Not drinking is killing you… Seriously.
There have been many studies showing that drinking moderate amounts of alcohol (2 drinks/day for men, 1 drink/day for women) is good for your health and can actually lengthen life. These studies generally focus on alcohol being healthy as it thins the blood and causes benefits to heart and circulatory health.
A 2010 study in the journal Alcoholism: Clinical and Experimental Research that followed 1,824 participants between the ages of 55 and 65 for 20 years is showing that the benefits of moderate alcohol use may actually be social.
There are some great facts from this study and we’re simply going to list them here:
ALCOHOL AND HEALTH:
1. If you don’t drink, you’re more than 2 times more likely to die than a moderate drinker
2. Researchers found that abstaining from alcohol increases the risk of dying, even when you exclude former alcoholics who have now quit.
3. 70 percent of the abstainers died during the 20-year time span of the study, only 41 percent of moderate drinkers died
4. Moderate drinkers were 23 percent less likely to die than light drinkers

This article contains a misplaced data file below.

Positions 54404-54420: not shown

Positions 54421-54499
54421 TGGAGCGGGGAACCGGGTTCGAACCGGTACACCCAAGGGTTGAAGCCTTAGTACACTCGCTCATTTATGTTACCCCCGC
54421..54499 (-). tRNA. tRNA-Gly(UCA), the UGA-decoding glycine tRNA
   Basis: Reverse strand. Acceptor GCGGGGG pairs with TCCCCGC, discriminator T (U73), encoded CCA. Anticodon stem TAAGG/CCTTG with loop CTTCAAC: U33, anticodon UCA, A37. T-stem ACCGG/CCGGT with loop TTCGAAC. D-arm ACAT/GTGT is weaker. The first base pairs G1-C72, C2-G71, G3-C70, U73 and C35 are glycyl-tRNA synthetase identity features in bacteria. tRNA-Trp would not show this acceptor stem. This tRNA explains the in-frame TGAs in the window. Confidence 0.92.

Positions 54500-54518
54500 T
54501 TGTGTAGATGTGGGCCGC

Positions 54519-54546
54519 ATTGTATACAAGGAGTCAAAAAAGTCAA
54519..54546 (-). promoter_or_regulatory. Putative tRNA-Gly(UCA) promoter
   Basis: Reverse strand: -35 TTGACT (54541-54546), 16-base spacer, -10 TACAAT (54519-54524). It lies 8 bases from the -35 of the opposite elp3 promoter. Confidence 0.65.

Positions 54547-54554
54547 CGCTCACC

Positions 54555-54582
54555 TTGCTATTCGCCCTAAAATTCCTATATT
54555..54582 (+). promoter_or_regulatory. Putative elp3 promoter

5. Moderate drinkers have more friends and higher quality “friend support” than abstainers
6. Moderate drinkers are more likely to be married.
7. Moderate drinking leads to socializing which results in the evasion of loneliness and loneliness is very unhealthy. Humans are extremely social primates. When we don’t have social contact, we are more likely to die, period. Heart disease increases as loneliness increases.
The entire study may have been summarized best by Johan Lehrer at Wired Magazine:
Of course, relationships have their own chemistry, a language of dopamine, oxytocin, vasopressin, etc. But I think that in the rush to decipher the bodily molecules, we are missing the essential lesson, which is that some of the most valuable health benefits don’t come from compounds that can be bottled, or condensed into a gel capsule. Instead, they come from other people, from those lovely conversations we share over a glass or three of wine. – Johan Lehrer/Wired Magazine